Just to stay on that story since we're talking about “Headhunter,” I was struck by something the LA Times said about it. In something—and I don't know if you want to reveal this or not—but in something that the character does, the Times says "you never see [it] coming and…you can't quite recover from [it]." I had to jump on that and agree. I was really impressed with the story's power in that way.

AC: I appreciate the Times saying that. I had a student read that story. I teach creative writing at Northern Arizona University, and I had a student read that story while it was in progress. And he got back to me and he said, “Professor Cummins, you are so weird!” (laughs) Because she, she does something that really takes the story into a moment of horror—and I won't reveal it either—but, I thought I was risking a lot at that moment because it either is too much, or it is actually the kind of thing that is memorable and will stay with the reader, and I was hoping that would happen.

KP: A well-taken risk. Is it fair to say that many of these characters crave attention?

AC: I think my characters tend to be lonely souls. And I do think they are looking for moments of connection with the different people who fascinate them. They also are attracted to fascinating people. They're pulled into dramas by people who would not normally be good friends to them. Frequently I'll find my plot in those kinds of tensions: characters who are very different and the attractions are centered on the differences.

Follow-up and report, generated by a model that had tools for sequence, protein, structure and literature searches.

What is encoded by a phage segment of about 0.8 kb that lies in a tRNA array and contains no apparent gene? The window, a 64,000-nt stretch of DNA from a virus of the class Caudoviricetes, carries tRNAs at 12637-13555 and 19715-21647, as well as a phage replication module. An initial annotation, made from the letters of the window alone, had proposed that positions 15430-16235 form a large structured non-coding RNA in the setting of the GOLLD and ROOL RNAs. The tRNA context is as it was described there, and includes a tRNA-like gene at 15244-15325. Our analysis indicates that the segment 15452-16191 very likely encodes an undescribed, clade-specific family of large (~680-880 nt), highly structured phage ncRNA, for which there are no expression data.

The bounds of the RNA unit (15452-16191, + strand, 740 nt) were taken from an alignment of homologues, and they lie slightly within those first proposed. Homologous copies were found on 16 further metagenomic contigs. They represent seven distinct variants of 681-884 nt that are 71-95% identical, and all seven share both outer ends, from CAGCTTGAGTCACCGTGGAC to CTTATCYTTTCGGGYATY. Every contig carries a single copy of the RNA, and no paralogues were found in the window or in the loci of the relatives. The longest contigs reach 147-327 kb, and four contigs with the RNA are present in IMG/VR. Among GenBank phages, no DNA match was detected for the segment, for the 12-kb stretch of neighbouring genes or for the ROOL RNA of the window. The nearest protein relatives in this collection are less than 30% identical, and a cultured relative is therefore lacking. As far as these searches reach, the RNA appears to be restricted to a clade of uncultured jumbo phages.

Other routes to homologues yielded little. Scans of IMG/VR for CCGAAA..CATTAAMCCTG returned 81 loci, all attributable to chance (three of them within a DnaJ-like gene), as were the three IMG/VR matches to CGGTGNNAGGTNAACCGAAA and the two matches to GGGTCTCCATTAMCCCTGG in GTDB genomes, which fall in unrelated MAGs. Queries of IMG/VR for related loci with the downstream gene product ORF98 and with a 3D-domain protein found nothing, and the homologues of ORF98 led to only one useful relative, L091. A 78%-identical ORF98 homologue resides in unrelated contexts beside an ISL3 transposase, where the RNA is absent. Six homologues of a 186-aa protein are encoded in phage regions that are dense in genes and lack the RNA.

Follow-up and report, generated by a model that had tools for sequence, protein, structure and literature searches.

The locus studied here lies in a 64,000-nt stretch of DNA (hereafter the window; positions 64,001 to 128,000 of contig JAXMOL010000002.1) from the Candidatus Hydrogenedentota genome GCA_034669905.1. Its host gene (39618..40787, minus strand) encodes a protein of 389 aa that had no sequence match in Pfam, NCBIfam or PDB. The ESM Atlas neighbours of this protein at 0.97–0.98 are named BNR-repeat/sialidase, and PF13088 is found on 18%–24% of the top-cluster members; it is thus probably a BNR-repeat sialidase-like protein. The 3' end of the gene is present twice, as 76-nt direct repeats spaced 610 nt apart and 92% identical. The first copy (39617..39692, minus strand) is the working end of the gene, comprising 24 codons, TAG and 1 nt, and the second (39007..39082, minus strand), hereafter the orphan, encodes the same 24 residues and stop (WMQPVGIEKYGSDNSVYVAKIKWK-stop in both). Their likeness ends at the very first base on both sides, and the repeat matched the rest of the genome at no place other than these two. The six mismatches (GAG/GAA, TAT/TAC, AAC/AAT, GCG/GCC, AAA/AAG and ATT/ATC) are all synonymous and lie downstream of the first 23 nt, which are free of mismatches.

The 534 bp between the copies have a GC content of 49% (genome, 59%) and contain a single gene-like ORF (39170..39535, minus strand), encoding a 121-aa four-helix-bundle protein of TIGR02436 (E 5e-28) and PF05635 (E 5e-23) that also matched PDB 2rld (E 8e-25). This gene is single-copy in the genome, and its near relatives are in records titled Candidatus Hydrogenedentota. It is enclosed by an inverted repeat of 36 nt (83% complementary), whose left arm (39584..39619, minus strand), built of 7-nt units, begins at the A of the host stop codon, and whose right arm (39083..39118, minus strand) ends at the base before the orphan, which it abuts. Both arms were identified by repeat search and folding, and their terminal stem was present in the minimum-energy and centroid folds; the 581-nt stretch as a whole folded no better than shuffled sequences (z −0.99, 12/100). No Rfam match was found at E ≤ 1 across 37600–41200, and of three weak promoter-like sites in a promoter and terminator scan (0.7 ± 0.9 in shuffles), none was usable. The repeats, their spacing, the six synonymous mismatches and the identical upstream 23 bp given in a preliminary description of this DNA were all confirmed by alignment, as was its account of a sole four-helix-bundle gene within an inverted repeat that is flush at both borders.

KP: While you were writing were you sort of hyper-aware in your own world of things that were happening around you? Or were you sort of eavesdropping, so to speak, on lives around you to try to pull from?

AC: I think unconsciously. I don't think that I was aware. My writing process has been very, very messy. And frequently I don't know what a story is about until I've finished it, and finishing it means going through lots and lots of drafts for me. So there's a lot of trial and error. And I don't necessarily start out knowing that my characters are antagonists or anything like that. They shape and they grow as I go through different drafts with the story.

KP: I know that tension of drama or emotion certainly jumped out to me in the language that you use in the story “Bluefly.” Interestingly, this is a story set in early 1900s, and I think it's the only story that has that kind of time frame put on it – any time frame put on it. We have a brother and sister living with an older brother and a very discontented northern wife. Parents are gone. And the language you use in that story, you kind of show "blendable" emotions, where things we would see as opposites really don't have to be. For example, you mention someone is listening to someone who is "laughing or sobbing" and trying to decide if someone is "sleeping or sobbing." And someone might "laugh—or cry." These are all together in one description.